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The ABC of Contraception in Central and Eastern Europe
As summer ends and nights become longer, there is an almost immediate need to speak about contraception. Wasn’t this the rationale behind setting the World Contraception Day on September 26th, just 3 days after the autumnal equinox?
What is contraception the Eastern European way?
Here is our ABC...Oops, I do not really mean Abstinence, Be faithful, and correct and consistent condom use. We all know that abstinence doesn’t work.
A can stay for abortion. Yes, we are aware that this is not a contraceptive. Nevertheless, lack of access to accurate information and financial means to access appropriate contraceptives has led to high rates of unwanted and unplanned pregnancies resulting in abortion. In Russia, Ukraine, Moldova or Georgia women do not have the means to prevent unwanted pregnancies and thus, the rates of unwanted pregnancies are very high with abortion being a primary method of fertility control.
Abortion is practically illegal in Poland, this is why Poles go for the proverbial glass of cold water instead. I was always wondering what do you do with this glass? Do you stick it between your thighs? Do you drink it? Talking about drinks, have you tried Coca Cola? Why do so many youngsters fall for the urban legend and attempt to use coke as a spermicide? If C is not for coke it may well be for coitus interruptus - one of the most favoured method of our region. In Armenia, this method is used by 53% of those who say they use contraception. Withdrawal in general is the main method still used in Central and Eastern Europe, where its general prevalence reaches 18%.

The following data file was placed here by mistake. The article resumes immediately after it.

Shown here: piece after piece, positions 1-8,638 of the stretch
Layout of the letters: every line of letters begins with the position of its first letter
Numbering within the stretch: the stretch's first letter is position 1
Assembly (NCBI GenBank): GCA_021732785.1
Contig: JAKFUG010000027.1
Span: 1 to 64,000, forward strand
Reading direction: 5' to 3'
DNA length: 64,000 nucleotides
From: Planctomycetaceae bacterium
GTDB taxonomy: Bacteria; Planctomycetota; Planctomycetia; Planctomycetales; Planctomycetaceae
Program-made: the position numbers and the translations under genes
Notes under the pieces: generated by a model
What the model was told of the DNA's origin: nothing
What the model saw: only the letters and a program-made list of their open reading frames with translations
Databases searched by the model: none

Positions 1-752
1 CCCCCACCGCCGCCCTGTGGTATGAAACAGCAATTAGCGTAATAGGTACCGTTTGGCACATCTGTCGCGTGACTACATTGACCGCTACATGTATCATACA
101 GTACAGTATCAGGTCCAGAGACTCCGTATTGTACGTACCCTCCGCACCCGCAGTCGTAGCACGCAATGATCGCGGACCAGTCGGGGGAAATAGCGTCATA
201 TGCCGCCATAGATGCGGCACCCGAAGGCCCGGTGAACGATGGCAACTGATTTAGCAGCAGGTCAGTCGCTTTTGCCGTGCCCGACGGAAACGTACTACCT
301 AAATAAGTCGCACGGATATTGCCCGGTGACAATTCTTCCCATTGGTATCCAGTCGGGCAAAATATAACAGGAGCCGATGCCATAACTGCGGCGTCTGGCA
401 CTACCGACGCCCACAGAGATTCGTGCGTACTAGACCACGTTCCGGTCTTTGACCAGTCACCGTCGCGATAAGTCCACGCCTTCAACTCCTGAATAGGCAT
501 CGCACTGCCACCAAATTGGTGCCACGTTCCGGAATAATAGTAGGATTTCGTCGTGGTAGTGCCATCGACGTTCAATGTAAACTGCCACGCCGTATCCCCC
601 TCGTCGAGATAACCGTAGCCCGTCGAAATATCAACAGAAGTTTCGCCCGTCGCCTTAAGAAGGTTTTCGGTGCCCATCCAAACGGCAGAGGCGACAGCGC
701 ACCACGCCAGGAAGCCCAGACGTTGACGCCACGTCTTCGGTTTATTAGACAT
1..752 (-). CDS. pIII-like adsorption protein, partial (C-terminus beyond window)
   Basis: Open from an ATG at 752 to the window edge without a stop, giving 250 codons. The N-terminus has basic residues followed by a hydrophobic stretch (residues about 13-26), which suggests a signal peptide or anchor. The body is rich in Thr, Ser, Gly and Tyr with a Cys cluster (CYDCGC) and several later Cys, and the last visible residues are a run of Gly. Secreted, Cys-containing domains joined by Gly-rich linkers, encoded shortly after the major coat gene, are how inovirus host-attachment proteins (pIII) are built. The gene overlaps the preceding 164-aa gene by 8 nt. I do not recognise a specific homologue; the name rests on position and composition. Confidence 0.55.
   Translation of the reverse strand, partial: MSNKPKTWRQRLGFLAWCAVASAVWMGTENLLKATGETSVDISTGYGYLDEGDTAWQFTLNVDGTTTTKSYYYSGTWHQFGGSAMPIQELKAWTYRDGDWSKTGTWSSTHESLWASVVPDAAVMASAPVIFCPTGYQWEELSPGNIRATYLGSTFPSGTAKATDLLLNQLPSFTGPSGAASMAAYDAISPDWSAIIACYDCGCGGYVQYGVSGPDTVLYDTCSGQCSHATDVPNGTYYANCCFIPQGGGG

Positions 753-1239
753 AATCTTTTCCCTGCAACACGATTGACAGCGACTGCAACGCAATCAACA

Contraception is critical to a woman’s ability to prevent unintended pregnancy and make some of the most basic decisions about her health and life. Although the international health and human rights standards require governments to make modern contraceptives affordable and accessible, in most of the countries in Central and Eastern Europe modern contraceptives are not covered by public health insurance. As a result, for too many women from our region modern contraceptives remain tragically out of reach. Women are often forced to make a choice between feeding their families and buying contraceptives.
Prevalence of modern contraceptives methods in Central and Eastern Europe is 36% as compared to 71% prevalence rate in Western European countries. In some countries the yearly costs of contraception are higher than that of abortion (Russia, Armenia). Moreover, health care providers often have misconceptions about modern contraceptives methods and thus either misinform their patients or are reluctant to discuss contraceptive options with them. Often this is related to the personal religious views of the health care providers or pharmacists.
This post was written by Katarzyna Pabijanek; ASTRA Network Coordinator as part of WGNRR's 'World Contraception Day' activities.
September 26th is World Contraception Day. As part of the WGNRR campaign, ‘Recognise Reproductive Rights, Mobilise for Reproductive Justice’; we are posting a series of blog posts from members, allies, and staff on the many complexities of contraceptive use, access, and knowledge with regard to exercising one’s sexual and reproductive health and rights that we face today. Please feel free to share and disseminate. If you should like to contribute to the series, please e-mail firstname.lastname@example.org with your post, including any relevant photos.